Monday, September 5, 2016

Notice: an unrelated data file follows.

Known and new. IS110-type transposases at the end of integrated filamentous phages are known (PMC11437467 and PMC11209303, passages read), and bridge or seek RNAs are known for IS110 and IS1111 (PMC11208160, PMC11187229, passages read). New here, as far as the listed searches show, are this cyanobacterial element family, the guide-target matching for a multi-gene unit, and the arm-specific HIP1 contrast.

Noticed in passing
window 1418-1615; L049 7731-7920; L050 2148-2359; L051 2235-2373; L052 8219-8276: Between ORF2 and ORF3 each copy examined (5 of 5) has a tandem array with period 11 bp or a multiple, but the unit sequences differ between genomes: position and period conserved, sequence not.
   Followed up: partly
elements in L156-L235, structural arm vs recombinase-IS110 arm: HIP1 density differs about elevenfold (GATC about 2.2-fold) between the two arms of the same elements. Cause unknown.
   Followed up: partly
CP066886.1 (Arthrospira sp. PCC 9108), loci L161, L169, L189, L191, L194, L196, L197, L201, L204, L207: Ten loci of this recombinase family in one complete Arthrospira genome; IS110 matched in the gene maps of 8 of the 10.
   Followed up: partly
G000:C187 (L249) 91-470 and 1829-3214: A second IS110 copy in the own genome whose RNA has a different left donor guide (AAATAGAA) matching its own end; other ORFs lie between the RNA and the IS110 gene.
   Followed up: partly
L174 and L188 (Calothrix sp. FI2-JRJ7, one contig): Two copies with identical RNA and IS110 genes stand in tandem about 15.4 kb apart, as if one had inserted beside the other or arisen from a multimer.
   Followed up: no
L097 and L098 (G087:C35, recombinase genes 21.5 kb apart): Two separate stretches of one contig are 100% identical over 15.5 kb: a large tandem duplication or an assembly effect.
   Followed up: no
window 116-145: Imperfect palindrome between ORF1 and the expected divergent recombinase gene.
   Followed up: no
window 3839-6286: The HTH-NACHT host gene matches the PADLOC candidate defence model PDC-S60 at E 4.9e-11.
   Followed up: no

The Tyranny of Simple Explanations The history of science has been distorted by a longstanding conviction that correct theories about nature are always the most elegant ones. Imagine you’re a scientist with a set of results that are equally well predicted by two different theories. Which theory do you choose? This, it’s often said, is just where you need a hypothetical tool fashioned by the 14th-century English Franciscan friar William of Ockham, one of the most important thinkers of the Middle Ages. Called Ockam’s razor (more commonly spelled Occam’s razor), it advises you to seek the more economical solution: In layman’s terms, the simplest explanation is usually the best one. Occam’s razor is often stated as an injunction not to make more assumptions than you absolutely need. What William actually wrote (in his Summa Logicae, 1323) is close enough, and has a pleasing economy of its own: “It is futile to do with more what can be done with fewer.” Isaac Newton more or less restated Ockham’s idea as the first rule of philosophical reasoning in his great work Principia Mathematica (1687): “We are to admit no more causes of natural things, than such as are both true and sufficient to explain their appearances.” In other words, keep your theories and hypotheses as simple as they can be while still accounting for the observed facts. This sounds like good sense: Why make things more complicated than they need be? You gain nothing by complicating an explanation without some corresponding increase in its explanatory power. That’s why most scientific theories are intentional simplifications: They ignore some effects not because they don’t happen, but because they’re thought to have a negligible effect on the outcome. Applied this way, simplicity is a practical virtue, allowing a clearer view of what’s most important in a phenomenon. There’s no easy equation between simplicity and truth. There’s absolutely no reason to believe that. But it’s what Francis Crick was driving at when he warned that Occam’s razor (which he equated with advocating “simplicity and elegance”) might not be well suited to biology, where things can get very messy. While it’s true that “simple, elegant” theories have sometimes turned out to be wrong (a classical example being Alfred Kempe’s flawed 1879 proof of the “four-color theorem” in mathematics), it’s also true that simpler but less accurate theories can be more useful than complicated ones for clarifying the bare bones of an explanation. There’s no easy equation between simplicity and truth, and Crick’s caution about Occam’s razor just perpetuates misconceptions about its meaning and value. The worst misuses, however, fixate on the idea that the razor can adjudicate between rival theories. I have found no single instance where it has served this purpose to settle a scientific debate. Worse still, the history of science is often distorted in attempts to argue that it has. Take the debate between the ancient geocentric view of the universe—in which the sun and planets move around a central Earth—and Nicolaus Copernicus’s heliocentric theory, with the Sun at the center and the Earth and other planets moving around it. In order to get the mistaken geocentric theory to work, ancient philosophers had to embellish circular planetary orbits with smaller circular motions called epicycles. These could account, for example, for the way the planets sometimes seem, from the perspective of the Earth, to be executing backwards loops along their path. It is often claimed that, by the 16th century, this Ptolemaic model of the universe had become so laden with these epicycles that it was on the point of falling apart. Then along came the Polish astronomer with his heliocentric universe, and no more epicycles were needed. The two theories explained the same astronomical observations, but Copernicus’s was simpler, and so Occam’s razor tells us to prefer it. This is wrong for many reasons. First, Copernicus didn’t do away with epicycles. Largely because planetary orbits are in fact elliptical, not circular, he still needed them (and other tinkering, such as a slightly off-center Sun) to make the scheme work. It isn’t even clear that he used fewer epicycles than the geocentric model did. In an introductory tract called the Commentariolus, published around 1514, he said he could explain the motions of the heavens with “just” 34 epicycles. Many later commentators took this to mean that the geocentric model must have needed many more than 34, but there’s no actual evidence for that. And the historian of astronomy Owen Gingerich has dismissed the common assumption that the Ptolemaic model was so epicycle-heavy that it was close to collapse. He argues that a relatively simple design was probably still in use in Copernicus’s time. Theories are distinguished not by making fewer assumptions but different ones. So the reasons for preferring Copernican theory are not so clear. It certainly looked nicer: Ignoring the epicycles and other modifications, you could draw it as a pleasing system of concentric circles, as Copernicus did. But this didn’t make it simpler. In fact, some of the justifications Copernicus gives are more mystical than scientific: In his main work on the heliocentric theory, De revolutionibus orbium coelestium, he maintained that it was proper for the sun to sit at the centre “as if resting on a kingly throne,” governing the stars like a wise ruler. If Occam’s razor doesn’t favor Copernican theory over Ptolemy, what does it say for the cosmological model that replaced Copernicus’s: the elliptical planetary orbits of 17th-century German astronomer Johannes Kepler? By making the orbits ellipses, Kepler got rid of all those unnecessary epicycles. Yet his model wasn’t explaining the same data as Copernicus with a more economical theory; because Kepler had access to the improved astronomical observations of his mentor Tycho Brahe, his model gave a more accurate explanation. Kepler wasn’t any longer just trying to figure out the arrangement of the cosmos. He was also starting to seek a physical mechanism to explain it—the first step towards Newton’s law of gravity. The point here is that, as a tool for distinguishing between rival theories, Occam’s razor is only relevant if the two theories predict identical results but one is simpler than the other—which is to say, it makes fewer assumptions. This is a situation rarely if ever encountered in science. Much more often, theories are distinguished not by making fewer assumptions but different ones. It’s then not obvious how to weigh them up. From a 17th-century perspective, it’s not even clear that Kepler’s single ellipses are “simpler” than Copernican epicycles. Circular orbits seemed a more aesthetically pleasing and divine basis for the universe, so Kepler adduced them only with hesitation. (Mindful of this, even Galileo refused to accept Kepler’s ellipses.) It’s been said also that Darwinian evolution, by allowing for a single origin of life from which all other organisms descended, was a simplification of what it replaced. But Darwin was not the first to propose evolution from a common ancestor (his grandfather Erasmus was one of those predecessors), and his theory had to assume a much longer history of the Earth than did those which supposed divine creation. Sure, a supernatural creator might seem like a pretty complex assumption today, but it wouldn’t have looked that way in the devout Victorian age. Even today, whether or not the “God hypothesis” simplifies matters remains contentious. The fact that our universe sports physical constants, such as the strength of fundamental forces, that seem oddly fine-tuned to enable life to exist, is one of the most profound puzzles in cosmology. An increasingly popular answer among cosmologists is to suggest that ours is just one of a vast, perhaps infinite, number of universes with different constants, and ours looks fine-tuned purely because we’re here to see it. There are theories that lend some credence to this view, but it rather lacks the economy demanded by Occam’s razor, and it is hardly surprising if some people decide that a single divine creation, with life as part of the plan, is more parsimonious. What’s more, scientific models that differ in their assumptions typically make slightly different predictions, too. It is these predictions, not criteria of “simplicity,” that are of greatest use for evaluating rival theories. The judgement may then depend on where you look: Different theories may have predictive strengths in different areas. Another popular example advanced in favor of Occam’s razor is the replacement of the phlogiston theory of chemistry—the idea that a substance called phlogiston was released when things burn in air—by the chemist Antoine Lavoisier’s theory of oxygen in the late 18th century. However, it’s far from obvious that, at the time, the notion that reaction with oxygen in air, rather than expulsion of phlogiston, was either simpler or more consistent with the observed “facts” about combustion. As the historian of science Hasok Chang has argued, by the standards of its times, “the old concept of phlogiston was no more mistaken and no less productive than Lavoisier’s concept of oxygen”. But as with so many scientific ideas that have fallen by the wayside, it has been deemed necessary not just to discard it but to vilify and ridicule it so as to paint a triumphant picture of progress from ignorance to enlightenment. I can think of only one instance in science where rival “theories” contend to explain exactly the same set of facts on the basis of easily enumerable and comparable assumptions. These are not “theories” in the usual sense, but interpretations: namely, interpretations of quantum mechanics, the theory generally needed to describe how objects behave at the scale of atoms and subatomic particles. Quantum mechanics works exceedingly well as a mathematical theory for predicting phenomena, but there is still no agreement on what it tells us about the fundamental fabric of reality. The theory predicts not what will happen in a quantum experiment or observation, but only what the probabilities of the various outcomes are. Yet in practice we see just a single outcome. How then do we get from calculating probabilities to anticipating definite, unique observations? One answer is that there is a process called “collapse of the wavefunction,” through which, from all the outcomes allowed by quantum theory, just one emerges at the size scales that humans can perceive. But it’s not at all clear how this putative collapse occurs. Some say it’s just a convenient fiction that describes the subjective updating of our knowledge when we make a measurement—rather like the way all 52 probabilities for the top card of a shuffled pack collapse to just one when we look. Others think wavefunction collapse might be a real physical process, a bit like radioactive decay, which can be triggered by the act of looking with human-scale instruments. Either way, there’s no prescription for it in quantum theory; it needs to be added “by hand.” A theory is not “better” if it is simpler—but it might well be more useful. In what looks like a more economical interpretation, first proposed by the physicist Hugh Everett III in 1957, there is no collapse at all. Instead, all the possible outcomes are realized—but they happen in different universes, which “split” when a measurement is made. This is the Many Worlds Interpretation (MWI) of quantum mechanics. We only see one outcome, because we ourselves split too, and each copy can only perceive events in one world. It’s a testament to scientists’ confusion about Occam’s razor that it has been invoked both to defend and to attack the MWI. Some consider this ceaseless, bewildering proliferation of universes to be the antithesis of William of Ockham’s principle of economy. “As far as economy of thought is concerned … there never was anything in the history of thought so bluntly contrary to Ockham’s rule than Everett’s many worlds,” the quantum theorist Roland Omn├Ęs writes in The Interpretation of Quantum Mechanics. Others who favor the MWI wave off such criticisms by saying that Occam’s razor was never a binding criterion anyway. And still other advocates, like Sean Carroll, a cosmologist at the California Institute of Technology, point out that Occam’s razor is meant only to apply to the assumptions of a theory, not the predictions. Because the Many Worlds Interpretation accounts for all the observations without the added assumption of collapse of the wavefunction, says Carroll, the MWI is preferable—according to Occam’s razor—to the alternatives. But this is all just special pleading. Occam’s razor was never meant for paring nature down to some beautiful, parsimonious core of truth. Because science is so difficult and messy, the allure of a philosophical tool for clearing a path or pruning the thickets is obvious. In their readiness to find spurious applications of Occam’s razor in the history of science, or to enlist, dismiss, or reshape the razor at will to shore up their preferences, scientists reveal their seduction by this vision. But they should resist it. The value of keeping assumptions to a minimum is cognitive, not ontological: It helps you to think. A theory is not “better” if it is simpler—but it might well be more useful, and that counts for much more. ABOUT THE AUTHOR • PHILIP BALL is a writer based in London. His work has appeared in Nature, The New York Times, and Chemistry World. He is the author ofThe Water Kingdom: A Secret History of Chinaand Critical Mass: How One Thing Leads to Another.